Rotting meat, hot garbage, and dirty diapers.
They’re scents that most people wouldn’t be lining up to inhale.
But at the Bloedel Conservatory in Vancouver’s Queen Elizabeth Park — that’s exactly what’s happening.
A rare Indonesian “corpse flower” that has taken six years to bloom opened up on Sunday night, and with it comes a once-in-a-lifetime odour.
The news of its opening drew big crowds to catch a glimpse, and maybe a whiff, of the six-foot-tall wonder that locals have nicknamed Uncle Fester.
Officials say the stink will be at its putrid peak starting at 7 a.m. Monday, possibly lasting through Tuesday night before the flower collapses.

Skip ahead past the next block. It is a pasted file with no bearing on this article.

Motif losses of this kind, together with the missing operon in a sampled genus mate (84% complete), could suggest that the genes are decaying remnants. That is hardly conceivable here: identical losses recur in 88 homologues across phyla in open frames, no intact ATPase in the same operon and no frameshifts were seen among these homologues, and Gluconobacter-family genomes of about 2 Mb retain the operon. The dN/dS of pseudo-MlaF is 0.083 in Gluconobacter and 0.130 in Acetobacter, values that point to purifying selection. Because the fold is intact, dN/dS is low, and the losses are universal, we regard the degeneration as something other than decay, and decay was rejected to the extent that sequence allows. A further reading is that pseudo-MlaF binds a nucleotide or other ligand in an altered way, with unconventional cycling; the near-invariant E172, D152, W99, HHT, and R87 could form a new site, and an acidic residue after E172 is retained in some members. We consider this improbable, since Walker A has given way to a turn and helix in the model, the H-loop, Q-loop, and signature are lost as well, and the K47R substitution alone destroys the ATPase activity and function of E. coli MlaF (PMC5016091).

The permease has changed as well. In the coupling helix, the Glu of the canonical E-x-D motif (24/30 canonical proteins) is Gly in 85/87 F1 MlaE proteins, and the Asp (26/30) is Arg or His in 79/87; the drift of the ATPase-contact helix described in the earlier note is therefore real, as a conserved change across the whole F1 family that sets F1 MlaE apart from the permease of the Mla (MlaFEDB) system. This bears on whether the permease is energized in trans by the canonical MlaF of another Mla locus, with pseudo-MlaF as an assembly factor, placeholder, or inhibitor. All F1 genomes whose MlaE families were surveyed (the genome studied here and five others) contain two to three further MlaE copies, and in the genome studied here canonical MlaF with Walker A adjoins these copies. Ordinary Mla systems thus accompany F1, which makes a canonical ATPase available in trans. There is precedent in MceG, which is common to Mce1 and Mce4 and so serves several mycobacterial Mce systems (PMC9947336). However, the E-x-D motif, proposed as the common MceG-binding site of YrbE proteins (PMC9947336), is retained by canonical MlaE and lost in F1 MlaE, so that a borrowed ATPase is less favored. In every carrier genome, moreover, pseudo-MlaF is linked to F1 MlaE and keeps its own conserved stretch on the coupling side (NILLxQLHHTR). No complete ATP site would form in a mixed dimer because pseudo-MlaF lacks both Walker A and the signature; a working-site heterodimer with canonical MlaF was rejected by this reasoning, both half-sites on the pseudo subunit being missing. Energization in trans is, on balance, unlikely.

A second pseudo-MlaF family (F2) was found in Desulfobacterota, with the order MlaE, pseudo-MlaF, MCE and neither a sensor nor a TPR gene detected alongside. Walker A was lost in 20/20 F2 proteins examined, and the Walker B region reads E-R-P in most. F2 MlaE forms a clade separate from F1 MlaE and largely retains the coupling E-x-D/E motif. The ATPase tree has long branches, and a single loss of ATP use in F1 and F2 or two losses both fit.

WATCH: Timelapse shows ‘corpse flower’ growing
Because of their massive size, corpse flowers need a huge store of energy to bloom and go through years-long growth and dormancy stages.
Once they’ve finally stored up the energy to produce a flower, things move quickly — up to six inches per day during peak period.
The final product is among the largest flowers in the world.
— With files from Simon Little